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Postpartum hemorrhage is a large amount of bleeding immediately after a woman has given birth. Every woman bleeds a little after giving birth, but a postpartum hemorrhage involves aggressive bleeding and heavy blood loss that is hard to stop, and can become extremely dangerous within a short time period. How is this treated?

A postpartum hemorrhage is diagnosed by observing the amount of blood a woman loses during the postpartum stage, either while the placenta is still being delivered or afterward (primary postpartum hemorrhage happens within the first 24 hours after giving birth, while secondary postpartum hemorrhage can happened up to six weeks postpartum). If you lost over 500 ml of blood, postpartum hemorrhage will be diagnosed.

There are various reasons women can have a postpartum hemorrhage, including failure of the uterus to contract after delivery, injury during birth, a retained placenta (placenta that will not come out) and blood clots. Blood loss should always be monitored by your midwives or OBGYN, but women should also take note of blood loss especially heavy bleeding in the weeks after birth. Pitocin artificial oxytocin, which is also used for labor induction is one of the ways to get a postpartum hemorrhage to stop.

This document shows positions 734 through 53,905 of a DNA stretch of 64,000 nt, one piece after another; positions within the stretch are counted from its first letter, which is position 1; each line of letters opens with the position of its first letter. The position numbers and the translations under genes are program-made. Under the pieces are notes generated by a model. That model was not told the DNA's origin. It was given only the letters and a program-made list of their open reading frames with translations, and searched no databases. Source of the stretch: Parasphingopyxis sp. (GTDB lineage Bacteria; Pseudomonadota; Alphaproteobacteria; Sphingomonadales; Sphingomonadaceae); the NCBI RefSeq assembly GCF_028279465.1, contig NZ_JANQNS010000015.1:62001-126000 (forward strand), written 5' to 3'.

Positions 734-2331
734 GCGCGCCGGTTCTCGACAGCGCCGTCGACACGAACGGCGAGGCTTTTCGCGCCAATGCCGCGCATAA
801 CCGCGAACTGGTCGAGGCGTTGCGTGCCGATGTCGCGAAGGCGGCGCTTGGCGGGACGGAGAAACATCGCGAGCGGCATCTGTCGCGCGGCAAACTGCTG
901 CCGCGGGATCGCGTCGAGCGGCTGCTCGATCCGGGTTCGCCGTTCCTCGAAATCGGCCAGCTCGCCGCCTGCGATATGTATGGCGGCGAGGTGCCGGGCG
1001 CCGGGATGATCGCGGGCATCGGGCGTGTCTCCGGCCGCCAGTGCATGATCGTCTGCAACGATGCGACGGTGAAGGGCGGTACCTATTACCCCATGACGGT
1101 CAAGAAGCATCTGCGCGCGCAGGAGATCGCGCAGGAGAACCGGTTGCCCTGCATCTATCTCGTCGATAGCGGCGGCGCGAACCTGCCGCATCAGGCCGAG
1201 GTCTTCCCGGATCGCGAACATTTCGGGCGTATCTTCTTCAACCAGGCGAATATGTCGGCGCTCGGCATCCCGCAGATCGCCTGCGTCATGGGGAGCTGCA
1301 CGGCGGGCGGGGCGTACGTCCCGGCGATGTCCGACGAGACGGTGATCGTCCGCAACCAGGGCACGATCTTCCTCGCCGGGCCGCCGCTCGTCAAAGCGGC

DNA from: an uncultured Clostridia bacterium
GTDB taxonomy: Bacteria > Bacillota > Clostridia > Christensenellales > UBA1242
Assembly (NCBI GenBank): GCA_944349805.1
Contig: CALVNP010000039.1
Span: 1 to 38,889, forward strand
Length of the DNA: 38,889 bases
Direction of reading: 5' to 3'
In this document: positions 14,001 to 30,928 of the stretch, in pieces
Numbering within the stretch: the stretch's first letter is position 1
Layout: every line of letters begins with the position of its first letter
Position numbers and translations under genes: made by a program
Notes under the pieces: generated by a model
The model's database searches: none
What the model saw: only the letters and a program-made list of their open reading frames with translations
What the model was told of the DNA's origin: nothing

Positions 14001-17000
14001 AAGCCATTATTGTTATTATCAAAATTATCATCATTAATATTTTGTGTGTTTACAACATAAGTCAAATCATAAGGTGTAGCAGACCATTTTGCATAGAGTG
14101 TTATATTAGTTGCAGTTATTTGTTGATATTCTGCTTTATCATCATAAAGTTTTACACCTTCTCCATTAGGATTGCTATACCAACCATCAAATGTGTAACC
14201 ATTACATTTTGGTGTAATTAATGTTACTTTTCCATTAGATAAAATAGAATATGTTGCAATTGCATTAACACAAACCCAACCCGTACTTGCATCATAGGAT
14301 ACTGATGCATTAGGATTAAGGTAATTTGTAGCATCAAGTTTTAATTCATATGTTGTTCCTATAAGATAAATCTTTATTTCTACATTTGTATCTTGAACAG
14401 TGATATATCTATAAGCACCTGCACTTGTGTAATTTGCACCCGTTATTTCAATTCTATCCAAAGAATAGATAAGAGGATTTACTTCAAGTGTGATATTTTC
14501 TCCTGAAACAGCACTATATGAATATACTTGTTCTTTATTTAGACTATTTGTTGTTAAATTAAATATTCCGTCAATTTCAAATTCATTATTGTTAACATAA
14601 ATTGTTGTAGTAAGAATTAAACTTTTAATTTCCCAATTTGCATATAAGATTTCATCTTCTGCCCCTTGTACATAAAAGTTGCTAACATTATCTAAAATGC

Massaging the uterus can be one of the measures taken too. A blood transfusion is needed in cases where a woman lost more than 2000 ml of blood during her postpartum hemorrhage, and if you are in the hospital, you will generally be transferred to theater in case more radical measures like a hysterectomy (removing the uterus) become necessary. Quick action is necessary in cases of postpartum hemorrhage, since a very large amount of blood loss can occur in a frighteningly short amount of time.

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